INL captures one dramatic second of a fuel rod test in slow motion

October 27, 2021, 3:13PMNuclear News

Idaho National Laboratory recently released footage of a new experiment at its Transient Reactor Test Facility (TREAT) that simulates what happens to a nuclear fuel pin when it starts to overheat. Go to Twitter for the original post, or cut to the chase and watch a 14-second clip on YouTube.

A video still shows intense boiling around an electrically heated fuel pin. Also, the lead image below this story's headline shows the heated fuel pin at a different stage. (Images: INL)

What you’ll see: Critical heat flux is a physical phenomenon that occurs when a fuel rod begins to overheat and can no longer transfer additional heat to the water, leading to excessive boiling around the surface of the pin that could cause fuel damage.

The slow-motion video by INL shows the progression of boiling leading up to the point where critical heat flux is reached, when large quantities of water vapor bubbles surround the surface of the fuel pin.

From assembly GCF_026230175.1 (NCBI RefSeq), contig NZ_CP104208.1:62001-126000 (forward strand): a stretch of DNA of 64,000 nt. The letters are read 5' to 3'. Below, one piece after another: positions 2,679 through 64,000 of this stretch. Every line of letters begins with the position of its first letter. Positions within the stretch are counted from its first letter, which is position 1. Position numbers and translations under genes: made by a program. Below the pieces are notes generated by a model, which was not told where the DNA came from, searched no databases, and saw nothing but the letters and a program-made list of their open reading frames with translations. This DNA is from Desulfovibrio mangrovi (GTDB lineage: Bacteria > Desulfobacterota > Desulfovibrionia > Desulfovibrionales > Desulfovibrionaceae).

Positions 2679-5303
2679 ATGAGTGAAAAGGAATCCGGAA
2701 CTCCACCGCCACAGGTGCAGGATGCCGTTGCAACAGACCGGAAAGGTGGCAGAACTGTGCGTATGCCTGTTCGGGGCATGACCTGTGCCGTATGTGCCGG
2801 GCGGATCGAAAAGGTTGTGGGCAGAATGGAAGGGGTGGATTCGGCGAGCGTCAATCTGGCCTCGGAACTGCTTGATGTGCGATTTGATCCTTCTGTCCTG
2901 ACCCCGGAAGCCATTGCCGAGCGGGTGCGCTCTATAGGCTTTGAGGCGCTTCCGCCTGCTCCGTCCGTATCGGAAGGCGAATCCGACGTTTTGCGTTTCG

The experiment was conducted outside of the test reactor in a capsule that used an electrically heated fuel pin to simulate extreme temperature conditions. The ultimate goal is to improve heat transfer and efficiency in light water reactors. The INL research team has adapted and demonstrated its boiling detector device in fuel safety tests in TREAT. The boiling detector will be incorporated into future safety tests of advanced LWR fuel designs, including accident tolerant fuel tests in 2022, according to INL.

“Critical heat flux is an important parameter that regulators use to determine the safety limits of nuclear fuel,” said Colby Jensen, the transient testing technical leader, in a statement released by INL. “These experiments will help us better understand fuel behavior and demonstrate how robust safety features of advanced fuel designs will allow more efficient use of those designs.”


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